The next task is to get a list of the column numbers containing our filename data. The variable fileNameRows calls the getFileNameRows() function which iterates through the mapped data searching for the filename and returning the corresponding column number. (Line 25)

Once we have all our data set up, we can now loop through the rows. I’ve used a simple for loop here starting at 1. Remember in Javascript and Google Apps Script number starts at zero. We are skipping zero because it is the header row. It will iterate through each row for the desired rowLen. (Line 29)

Next, we set our row variable to contain the current array of data in the row.

Our first task is then to build the file name. buildFileName(row) takes the row data as an argument and then grabs all the relevant columns we identified in fileNameRows and then joins them together with an underscore (_)  between the items of data. It then returns this newly created file name into the fileName variable. (Line 32)

The next task is to create a copy of our template file. To do this we use the DriveApp class. First, we grab the template id with getFileById(). This method takes the ID string of our Google Doc template.

To make a copy, we simply then call the makeCopy() method. This method can take two optional arguments, the filename an the destination of the file in your drive. For this project, we just want to add our custom name. If we leave the destination blank, the new file will be located in the same directory as the origin file. (line 34)

The final task is to update all the double curly-braces keywords with our sheet. We do this with our updateFileData() function. This function takes two arguments, our current row of data and the file id of our newly created document. To get our new file ID we call the getId() method.

updateFileData()

This function is called in the Google Sheet row loop after a new file from the template Google Doc is created.

Here, we use a forEach loop on our mapped data we drew from Map.gs. It will loop through each element in the map array. Remember, each element of the array in an object of key-value pairs:

On line 13, we need to add our curly braces to our element.doc. So for example name will turn into {{name}}. We will store this value as textID.

Then, we need to access the text inside the document. We do this by using the DocumentApp class. We’ll grab the right file with our doc parameter which contains the file ID of our freshly copied Google Doc. (Line 15)

Then, get the body of the document with getBody(). Once we have that we can make use of the replaceText() method. This method takes two variables:(Lines 16 – 17)

  1. The search pattern: This can be the exact text or a regular expression containing a set of parameters to look for. For us, this is the textID.
  2. The replacement text: Here, we want to add the current row’s value based on the corresponding column number in our mapped object.
buildFileName()

This function is used to create the file name based on an array of column numbers. These numbers are generated from the getFileNameRows() function. As the code iterates through each column it grabs the selected file names based on the column numbers present in the fileNameRows parameter.

On line 9, map is used to iterate through the list of columns in the current row, rowArray, and select the data. It returns this new set of data. For example, if we had in our fileNameRows array [1 ,0 ,3] then on the first iteration it would return:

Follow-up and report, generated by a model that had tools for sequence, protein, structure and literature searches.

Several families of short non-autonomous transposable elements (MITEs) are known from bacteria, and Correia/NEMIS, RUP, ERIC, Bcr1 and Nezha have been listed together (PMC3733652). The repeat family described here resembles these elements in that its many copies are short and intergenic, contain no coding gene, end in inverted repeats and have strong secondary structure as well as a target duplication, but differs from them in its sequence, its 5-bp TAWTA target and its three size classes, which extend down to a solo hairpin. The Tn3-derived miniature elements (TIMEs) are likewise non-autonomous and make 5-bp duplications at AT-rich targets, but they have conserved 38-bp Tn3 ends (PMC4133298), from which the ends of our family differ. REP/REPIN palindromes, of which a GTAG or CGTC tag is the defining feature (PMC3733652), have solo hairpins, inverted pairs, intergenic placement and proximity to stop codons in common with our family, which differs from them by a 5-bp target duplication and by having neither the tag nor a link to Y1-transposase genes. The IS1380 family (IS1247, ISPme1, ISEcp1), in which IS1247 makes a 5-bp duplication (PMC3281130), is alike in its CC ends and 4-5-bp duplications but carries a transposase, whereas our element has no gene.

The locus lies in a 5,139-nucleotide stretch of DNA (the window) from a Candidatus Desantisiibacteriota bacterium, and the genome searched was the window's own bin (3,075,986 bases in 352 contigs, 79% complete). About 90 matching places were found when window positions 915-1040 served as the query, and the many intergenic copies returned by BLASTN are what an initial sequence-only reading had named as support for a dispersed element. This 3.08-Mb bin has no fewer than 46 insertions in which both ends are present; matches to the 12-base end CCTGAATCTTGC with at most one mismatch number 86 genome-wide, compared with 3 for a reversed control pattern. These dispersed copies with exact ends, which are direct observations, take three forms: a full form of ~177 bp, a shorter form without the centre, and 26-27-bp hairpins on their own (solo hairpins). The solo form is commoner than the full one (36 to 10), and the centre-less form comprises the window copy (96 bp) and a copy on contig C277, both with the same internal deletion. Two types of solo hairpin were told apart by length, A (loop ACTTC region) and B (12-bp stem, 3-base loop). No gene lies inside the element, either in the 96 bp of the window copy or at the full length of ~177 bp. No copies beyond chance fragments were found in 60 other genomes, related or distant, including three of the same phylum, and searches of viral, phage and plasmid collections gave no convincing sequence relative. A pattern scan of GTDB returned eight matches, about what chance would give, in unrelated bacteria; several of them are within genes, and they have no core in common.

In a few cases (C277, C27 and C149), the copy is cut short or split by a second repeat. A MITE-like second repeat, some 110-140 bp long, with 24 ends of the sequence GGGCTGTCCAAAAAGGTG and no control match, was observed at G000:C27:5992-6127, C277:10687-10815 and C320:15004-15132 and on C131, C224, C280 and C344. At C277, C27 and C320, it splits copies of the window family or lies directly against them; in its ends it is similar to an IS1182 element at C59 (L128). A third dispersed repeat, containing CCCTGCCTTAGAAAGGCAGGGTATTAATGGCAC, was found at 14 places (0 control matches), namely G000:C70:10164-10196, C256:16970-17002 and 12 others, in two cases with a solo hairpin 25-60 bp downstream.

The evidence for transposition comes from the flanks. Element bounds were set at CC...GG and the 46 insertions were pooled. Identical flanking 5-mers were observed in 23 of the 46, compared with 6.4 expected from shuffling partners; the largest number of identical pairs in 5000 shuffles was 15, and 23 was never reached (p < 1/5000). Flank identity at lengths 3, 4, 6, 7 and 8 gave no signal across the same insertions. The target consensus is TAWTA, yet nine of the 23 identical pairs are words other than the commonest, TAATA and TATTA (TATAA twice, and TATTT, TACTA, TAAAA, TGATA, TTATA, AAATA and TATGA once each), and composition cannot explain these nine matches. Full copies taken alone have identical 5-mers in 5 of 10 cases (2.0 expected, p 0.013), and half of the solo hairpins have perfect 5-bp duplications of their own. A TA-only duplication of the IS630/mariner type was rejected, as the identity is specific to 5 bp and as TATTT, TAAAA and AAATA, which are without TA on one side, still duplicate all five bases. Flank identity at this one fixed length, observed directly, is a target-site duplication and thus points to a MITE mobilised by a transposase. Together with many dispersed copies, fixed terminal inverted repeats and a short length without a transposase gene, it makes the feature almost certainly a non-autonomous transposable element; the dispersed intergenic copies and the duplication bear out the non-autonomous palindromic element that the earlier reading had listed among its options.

Google Sheets File Name Select for mail merge

On line 11, we join this array together with an underscore to make our file name. Using our example above it would return:

It is in this function where you could modify your file names. Perhaps you wanted to add context to the file name by adding “overdue” to the front. You should do this here.

getFileNameRows()

In this function, we grab our list of file name headers and search for them in our mapped data from our Map.gs file.

First, we grab our file name data on line 9.

We then use the flatMap method. This handy method allows us to map through nested data and update it with our map instructions before returning a flattened array of results. (Line 10)

Within our flatMap we will search through our mapped array of key-value object and filter only those objects that contains the matching sheet name.(Line 11)

Then we will map this data again returning the elements column. (Line 12)

Once we have our list of columns, we return the array.

getRowLen()

This function automatically grabs the row length of the data in the sheet. Taking the sheet variable, it uses the getDataRange() method to grab all the rows and columns containing data. We use getNumRows() to count the number of rows containing data before returning to the main docMerge function.

Conclusion

Creating new documents based on a Google Doc template and Google Sheet data can save an incredible amount of time.

One limitation is that the process can be slow with a large number of rows or a lot of data to input. You may face times when the code runs over your runtime limit. So you may need to run the script in batches.

If you want to take this merging process further, you could look at merging data within one document or within Google Doc tables. Have a play around!

I really enjoy hearing how these tutorials are applied in your own project. Feel free to add a comment below and let me know what you are up to. And if you enjoyed this tutorial, hit the like button. You can even subscribe to the mailing list to get my latest posts (Top right).

Happy coding!

 

~Yagi